Back in the German village of Monschau, everyone was shaken. Over the succeeding nights, “artificial moonlight” eerily lit up the Monschau skyline. The illumination came from lines of searchlights on the German side, intended to help nighttime infantry assaults move forward. Enemy artillery barrages fell to the north and south upon nearby Mützenich hill and Höfen. Meanwhile, scores of German aircraft passed directly overhead on the night of December 17th while strong infantry assaults eddied back and forth against Höfen and Mützenich. The German assault followed on each of the following two days. These incursions were only turned back by the U.S. forces with great difficulty and the mood in town was somber.
With electricity out, on the night of 18 December, Capt. Goetcheus and his staff, has supper inside the Hotel Horchem under the light of Hitler Jugend torches that had been discovered in the basement. They were under pressure from V Corps to evacuate the town, but managed to resist this notion at least partly due to the certainty that Monschau like Kalterherberg would have been roundly pillaged. “One shooting; two looting,” went the joke. 9th Infantry Division, now arriving in town, had shown that tendency.
Still, with reports of a large-scale German parachute operation in the vicinity, by 20 December, the nervous tension in Monschau reached a fever pitch for both panicked civilians and the military government alike. Elaborate searches began of the woods and swamps between the town, Eupen and Malmédy. The operation to flush out von der Heydte’s men in hiding consumed the 18th Regiment of the U.S. 1st Infantry Division and a Combat Command B of the 3th Armored Division. “American soldiers were seeing German paratroopers behind every bush.” In Monschau itself a fruitless house-to-house search began on the night of the 21st. Even if none were immediately found, that disappointment was not to last.
Then in the late afternoon, the three men awoke to plod down toward Monschau crossing the Rur River. But now, reaching the edge of the village and finding no friendly forces– American soldiers only– von der Heydte stopped in disappointment. Barely able to walk, he couldn’t continue. He insisted the other men go on without him around Monschau and seek German lines. He would just hold them up. Only with his direct orders, did they leave their Colonel hiding in the brush. Shivering in wait until dark that Thursday evening of 21 December, von der Heydte finally got to his feet and staggered ahead into town. At 11 PM, the Baron pushed the doorbell of one of the first house he came to in Monschau. It was a squat two story structure with a slate-covered dormer roof at Monschau at Am Oberer Kalk 6 just west of the main road.
Hearing the doorbell, 56-year old schoolteacher, Karl Bouschery found an ailing German officer outside the lattice work door. The man was shivering and hurt; Bouschery led the man inside, supporting one shoulder. Baron Von der Heydte promptly collapsed in the warm kitchen to the wooden floor. The family gathered around him by the glowing wood stove. Bouschery had himself been in the trenches in World War I and although everyone in Monschau had watched the tanks surge triumphantly through the town in 1940, four years later he was disparaged the war and the NSDAP. When the family was able to speak to Von der Heydte, he seemed to feel the same way. “I’m sick and too weak to fight,” he said. He was on the verge of pneumonia. “In the morning I will surrender.” The Baron drank the ersatz coffee made from wheat berries the family fed him, but was too sick to eat any food. Eugene was trained in first aid and splinted von der Heydte’s broken fingers with tongue depressors.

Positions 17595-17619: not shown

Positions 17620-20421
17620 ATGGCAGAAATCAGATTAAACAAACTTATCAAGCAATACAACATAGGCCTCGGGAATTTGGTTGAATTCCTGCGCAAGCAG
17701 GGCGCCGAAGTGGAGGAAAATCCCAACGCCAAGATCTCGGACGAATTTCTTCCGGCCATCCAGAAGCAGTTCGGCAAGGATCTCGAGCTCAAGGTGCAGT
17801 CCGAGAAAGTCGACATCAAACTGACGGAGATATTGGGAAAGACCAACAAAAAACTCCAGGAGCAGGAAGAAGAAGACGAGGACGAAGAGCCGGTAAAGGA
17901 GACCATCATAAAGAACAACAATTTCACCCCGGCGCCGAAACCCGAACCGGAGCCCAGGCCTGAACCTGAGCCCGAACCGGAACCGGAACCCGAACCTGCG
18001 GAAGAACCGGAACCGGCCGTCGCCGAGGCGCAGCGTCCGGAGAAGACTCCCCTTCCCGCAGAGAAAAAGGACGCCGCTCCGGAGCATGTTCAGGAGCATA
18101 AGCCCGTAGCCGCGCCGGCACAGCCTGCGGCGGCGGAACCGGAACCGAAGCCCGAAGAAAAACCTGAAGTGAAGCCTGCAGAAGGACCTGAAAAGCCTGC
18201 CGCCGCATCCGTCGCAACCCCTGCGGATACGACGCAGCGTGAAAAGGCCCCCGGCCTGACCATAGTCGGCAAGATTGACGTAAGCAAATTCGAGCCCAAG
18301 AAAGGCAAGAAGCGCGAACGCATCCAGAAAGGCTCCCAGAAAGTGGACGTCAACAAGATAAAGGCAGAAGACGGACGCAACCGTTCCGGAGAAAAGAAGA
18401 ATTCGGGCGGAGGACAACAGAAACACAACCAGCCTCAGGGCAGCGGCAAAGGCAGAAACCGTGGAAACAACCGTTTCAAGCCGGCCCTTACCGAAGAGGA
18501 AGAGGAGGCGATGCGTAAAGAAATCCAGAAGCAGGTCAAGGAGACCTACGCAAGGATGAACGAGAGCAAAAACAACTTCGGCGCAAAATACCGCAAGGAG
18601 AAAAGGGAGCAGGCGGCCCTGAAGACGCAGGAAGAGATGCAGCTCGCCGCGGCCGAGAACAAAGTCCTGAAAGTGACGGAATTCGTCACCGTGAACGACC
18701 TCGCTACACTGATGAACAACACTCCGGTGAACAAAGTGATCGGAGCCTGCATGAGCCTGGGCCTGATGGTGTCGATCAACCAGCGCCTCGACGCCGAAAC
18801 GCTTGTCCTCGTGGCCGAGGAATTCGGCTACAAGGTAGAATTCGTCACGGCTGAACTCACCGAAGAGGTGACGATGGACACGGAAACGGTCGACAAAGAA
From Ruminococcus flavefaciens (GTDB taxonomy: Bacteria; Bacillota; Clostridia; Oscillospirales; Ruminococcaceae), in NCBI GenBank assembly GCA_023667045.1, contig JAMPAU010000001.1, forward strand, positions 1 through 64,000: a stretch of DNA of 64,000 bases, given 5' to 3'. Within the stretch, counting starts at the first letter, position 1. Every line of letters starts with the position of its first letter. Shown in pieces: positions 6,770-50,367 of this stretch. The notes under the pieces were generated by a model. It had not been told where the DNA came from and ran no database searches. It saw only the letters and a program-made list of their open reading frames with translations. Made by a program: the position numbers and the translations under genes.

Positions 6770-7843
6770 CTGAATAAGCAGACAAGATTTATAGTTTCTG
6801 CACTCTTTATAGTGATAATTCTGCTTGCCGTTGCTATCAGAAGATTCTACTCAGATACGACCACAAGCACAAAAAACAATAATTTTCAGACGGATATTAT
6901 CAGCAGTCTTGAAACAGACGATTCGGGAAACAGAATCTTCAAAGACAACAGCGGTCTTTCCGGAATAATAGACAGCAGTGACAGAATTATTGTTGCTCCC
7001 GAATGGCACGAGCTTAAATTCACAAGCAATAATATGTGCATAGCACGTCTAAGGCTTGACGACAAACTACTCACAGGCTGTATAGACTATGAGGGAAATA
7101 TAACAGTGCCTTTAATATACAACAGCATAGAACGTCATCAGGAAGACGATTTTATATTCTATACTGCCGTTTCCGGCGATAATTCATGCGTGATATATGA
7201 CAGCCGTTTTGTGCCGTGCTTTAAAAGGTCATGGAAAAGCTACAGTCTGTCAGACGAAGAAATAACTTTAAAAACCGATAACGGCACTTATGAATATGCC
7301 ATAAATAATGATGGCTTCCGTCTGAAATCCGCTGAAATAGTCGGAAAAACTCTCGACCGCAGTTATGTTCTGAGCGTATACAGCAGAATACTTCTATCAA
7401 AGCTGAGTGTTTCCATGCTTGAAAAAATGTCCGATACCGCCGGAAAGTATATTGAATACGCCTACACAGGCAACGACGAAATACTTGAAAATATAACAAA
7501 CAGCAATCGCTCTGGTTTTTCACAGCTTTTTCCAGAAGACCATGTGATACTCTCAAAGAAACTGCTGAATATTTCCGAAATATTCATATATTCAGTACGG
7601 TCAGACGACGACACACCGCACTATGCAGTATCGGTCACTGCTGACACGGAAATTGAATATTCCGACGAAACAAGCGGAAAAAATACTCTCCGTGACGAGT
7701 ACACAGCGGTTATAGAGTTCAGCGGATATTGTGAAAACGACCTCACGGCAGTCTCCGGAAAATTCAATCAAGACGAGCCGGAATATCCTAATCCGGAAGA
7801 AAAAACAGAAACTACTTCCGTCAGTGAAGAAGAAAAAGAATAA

Admiring the von der Heydte’s camouflage uniform, Eugene, proudly announced he was a Jungvolk, even though the Americans now controlled the town. Von der Heydte said nothing and weakly asked for pen and paper. He was fed up with the war. Although he had at first agreed with Hitler’s regime, he now knew it was rotten down deep. All the Jews had vanished from Low Bavaria to disappear into extermination camps in Czechoslovakia and Poland. The proud army he had once fought for was now virtually destroyed. If ever allegiant to Germany, he was still fighting for Hitler; he scribbled a note:
“To the American Commander of the Military Government of Monschau,
I tried to meet German soldiers near Monschau. As I could find there no German troops, I surrender because I am hurt and ill and at the end of my physical resources. Please be kind enough to send a doctor and ambulance because I cannot go further. I lie in the bed of Herr Bouschery and await your help and orders.
Freiherr von der Heydte
Obstl Commando of the German Fallschrimjäger trooops, region Eupen – Monschau.”
The paratroop officer was running a fever of 40 degrees Centigrade. The family put him to bed on a sofa by the stove and covered him with blankets. He fell asleep to the melodic ticking of the family clock. On the morning of 22 December 1944, young Eugene Bouschery took the letter to the Hotel Horchem in town where he knew there were some Americans. There, Captain Goetscheus was electrified by the news. Here in his town was the head of the German parachute operation and he was surrendering! Goetscheus excitedly took the note to the Monschau Postamt to the headquarters of the 47th Infantry Regiment, 9th Infantry Division.